SpaceX moved forward with a prearranged Falcon 9 rocket launch from California’s Vandenberg Air Force Base Wednesday morning in a move that helped the Canadian Space Agency get three of its RADARSAT constellation satellites into space such that they could orbit the Earth.
The rocket ignited its engines at approximately 10:17 A.M. Eastern time (7:17 A.M. local time), and it was only a few minutes later that the rocket’s first stage came barreling back through the Earth’s atmosphere to perform what many would call a near picture-perfect landing at Vandenberg’s LZ-4 landing pad.
According to SpaceX, the RADARSAT Constellation satellites are a part of the nation’s RADARSAT Constellation Mission (RCM), which provides vital observation capabilities of the Earth’s surface for purposes such as climate change monitoring, disaster relief, and military surveillance, among other things.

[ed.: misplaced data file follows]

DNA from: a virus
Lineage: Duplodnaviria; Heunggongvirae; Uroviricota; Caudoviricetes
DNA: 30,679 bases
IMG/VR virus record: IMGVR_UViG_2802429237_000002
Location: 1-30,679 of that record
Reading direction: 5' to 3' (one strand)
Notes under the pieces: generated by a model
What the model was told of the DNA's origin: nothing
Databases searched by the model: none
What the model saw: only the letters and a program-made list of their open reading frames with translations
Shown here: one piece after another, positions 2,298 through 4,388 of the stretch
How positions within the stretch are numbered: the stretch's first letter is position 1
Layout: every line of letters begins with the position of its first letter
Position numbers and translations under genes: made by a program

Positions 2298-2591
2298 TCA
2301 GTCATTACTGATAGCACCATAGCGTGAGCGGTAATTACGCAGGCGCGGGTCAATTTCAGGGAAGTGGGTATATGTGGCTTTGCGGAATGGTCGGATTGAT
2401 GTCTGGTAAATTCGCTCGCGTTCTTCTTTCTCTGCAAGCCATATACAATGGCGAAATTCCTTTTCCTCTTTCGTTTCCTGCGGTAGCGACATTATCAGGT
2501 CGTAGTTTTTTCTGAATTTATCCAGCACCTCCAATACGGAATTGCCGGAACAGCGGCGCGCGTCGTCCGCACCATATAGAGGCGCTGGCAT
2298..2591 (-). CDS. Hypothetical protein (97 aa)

The recovered booster will return to SpaceX’s facility where it can be refurbished for another launch sometime in the future. This reusable rocket platform allows SpaceX to remain profitable, all while reducing spaceflight costs across the board.